How To Protect Yourself From Tax Identity Theft

A thief could file a fraudulent tax return using your information, but there are steps you can take steps to avoid tax identity theft.
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If a thief gets access to your Social Security card or other personal information, they could use it to file taxes in your name. By falsely claiming a tax refund, they would leave you unable to file your own taxes. You would also be at risk of owing the Internal Revenue Service (IRS) money when the agency discovers that you weren’t entitled to the refund that was claimed.

Tax identity theft is common and can have serious consequences, but taxpayers can take steps to avoid it. This guide will explain how tax-related identity theft works and what you can do to keep yourself safe.

In this article
How does tax identity theft happen?
Tax ID theft warning signs
What if my tax identity has been compromised?
How to prevent future tax identity theft
Tax identity theft FAQs
Bottom line

How does tax identity theft happen?

Tax identity theft occurs when someone uses your Social Security number (SSN) or other tax identification to file a fraudulent tax return.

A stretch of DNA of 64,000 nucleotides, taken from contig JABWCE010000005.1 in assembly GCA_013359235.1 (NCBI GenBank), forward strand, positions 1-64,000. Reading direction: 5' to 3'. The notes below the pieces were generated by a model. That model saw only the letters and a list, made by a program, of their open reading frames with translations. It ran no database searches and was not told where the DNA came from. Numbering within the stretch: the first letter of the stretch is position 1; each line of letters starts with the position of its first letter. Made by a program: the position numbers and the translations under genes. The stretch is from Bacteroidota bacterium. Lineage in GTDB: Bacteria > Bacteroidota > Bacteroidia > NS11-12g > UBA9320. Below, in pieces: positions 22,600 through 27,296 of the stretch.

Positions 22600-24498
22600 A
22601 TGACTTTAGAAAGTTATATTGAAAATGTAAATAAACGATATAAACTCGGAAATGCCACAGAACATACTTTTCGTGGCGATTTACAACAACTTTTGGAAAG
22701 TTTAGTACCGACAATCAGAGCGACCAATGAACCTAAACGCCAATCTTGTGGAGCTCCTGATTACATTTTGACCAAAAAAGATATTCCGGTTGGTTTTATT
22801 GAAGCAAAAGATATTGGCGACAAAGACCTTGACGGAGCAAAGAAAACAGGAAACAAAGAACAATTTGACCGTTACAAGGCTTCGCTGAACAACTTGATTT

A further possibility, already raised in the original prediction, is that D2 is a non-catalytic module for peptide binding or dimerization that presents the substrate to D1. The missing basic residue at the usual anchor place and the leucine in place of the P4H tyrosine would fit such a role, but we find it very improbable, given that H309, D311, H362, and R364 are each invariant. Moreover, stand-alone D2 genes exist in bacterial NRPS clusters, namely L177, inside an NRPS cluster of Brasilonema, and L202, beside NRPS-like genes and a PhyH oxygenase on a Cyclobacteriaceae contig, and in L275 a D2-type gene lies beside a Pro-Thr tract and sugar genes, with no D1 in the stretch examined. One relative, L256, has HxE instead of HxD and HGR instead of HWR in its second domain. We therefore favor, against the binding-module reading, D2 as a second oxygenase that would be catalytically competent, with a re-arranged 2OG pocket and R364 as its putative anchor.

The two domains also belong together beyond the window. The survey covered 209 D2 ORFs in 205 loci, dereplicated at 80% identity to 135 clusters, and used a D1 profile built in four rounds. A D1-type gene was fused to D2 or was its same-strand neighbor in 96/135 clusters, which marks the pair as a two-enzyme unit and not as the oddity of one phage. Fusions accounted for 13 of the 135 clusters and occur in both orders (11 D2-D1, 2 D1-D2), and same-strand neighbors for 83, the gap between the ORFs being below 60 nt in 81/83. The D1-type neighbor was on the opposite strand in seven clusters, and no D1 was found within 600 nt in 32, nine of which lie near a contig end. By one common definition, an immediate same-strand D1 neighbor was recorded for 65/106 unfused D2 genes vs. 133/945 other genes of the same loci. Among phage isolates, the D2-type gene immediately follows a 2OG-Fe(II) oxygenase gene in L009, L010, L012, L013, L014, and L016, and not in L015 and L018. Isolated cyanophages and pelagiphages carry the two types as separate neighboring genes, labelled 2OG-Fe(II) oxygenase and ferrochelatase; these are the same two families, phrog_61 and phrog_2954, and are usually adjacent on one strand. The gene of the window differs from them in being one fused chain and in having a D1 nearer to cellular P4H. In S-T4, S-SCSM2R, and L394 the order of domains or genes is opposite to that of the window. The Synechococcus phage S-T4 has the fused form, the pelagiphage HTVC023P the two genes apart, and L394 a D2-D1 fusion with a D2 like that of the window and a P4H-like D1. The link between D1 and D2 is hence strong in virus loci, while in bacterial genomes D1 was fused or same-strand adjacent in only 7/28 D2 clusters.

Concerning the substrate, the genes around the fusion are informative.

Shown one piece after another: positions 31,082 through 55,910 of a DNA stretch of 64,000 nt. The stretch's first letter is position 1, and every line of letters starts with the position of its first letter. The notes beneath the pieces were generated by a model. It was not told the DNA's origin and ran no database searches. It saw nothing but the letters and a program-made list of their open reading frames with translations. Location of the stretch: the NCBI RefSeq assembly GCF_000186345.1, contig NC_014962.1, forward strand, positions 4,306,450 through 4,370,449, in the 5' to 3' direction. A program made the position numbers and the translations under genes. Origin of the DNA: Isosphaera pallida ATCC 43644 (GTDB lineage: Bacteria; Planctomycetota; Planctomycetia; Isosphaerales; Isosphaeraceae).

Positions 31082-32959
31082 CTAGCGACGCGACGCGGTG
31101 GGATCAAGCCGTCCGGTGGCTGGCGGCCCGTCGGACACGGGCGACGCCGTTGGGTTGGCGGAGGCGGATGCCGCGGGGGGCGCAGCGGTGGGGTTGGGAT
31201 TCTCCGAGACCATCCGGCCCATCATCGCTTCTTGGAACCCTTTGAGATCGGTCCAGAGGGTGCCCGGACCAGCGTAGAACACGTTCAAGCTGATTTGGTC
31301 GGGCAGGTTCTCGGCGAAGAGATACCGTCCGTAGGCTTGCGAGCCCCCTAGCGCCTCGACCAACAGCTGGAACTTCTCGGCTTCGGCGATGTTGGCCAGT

These fraudsters then claim a tax refund they aren't really owed. The IRS sends the refund via mail to an address that isn't yours or deposits it into a bank account that the thieves can access and you can't. Eventually, when the theft is discovered, the IRS could try to collect the money from you.

Thieves can steal your SSN in many different ways:

  • Obtaining it from a data breach: If a company has your SSN on file and they are hacked, scammers could access this information and use it to file a fake tax return.
  • Obtaining it through discarded papers: If you don't keep your personal information secure when you throw away documents with your SSN on them, a thief could steal your details.
  • Obtaining it through a scam: Fraudsters could trick you into giving out your SSN by pretending to be from the IRS, a company you do business with, or another government agency.

Once a scammer has your SSN, it's relatively easy for them to e-file a fake tax return with your details on it.

Tax ID theft warning signs

There are many red flags that could suggest your tax information has fallen into the wrong hands and a fraudulent return has been filed on your behalf. Here are some of the biggest warning signs:

  • Receiving a letter from the IRS asking you about suspicious tax forms that were filed but that you did not submit
  • Being blocked from electronically filing your tax return and receiving a message that you can't move forward due to a duplicate of your Social Security number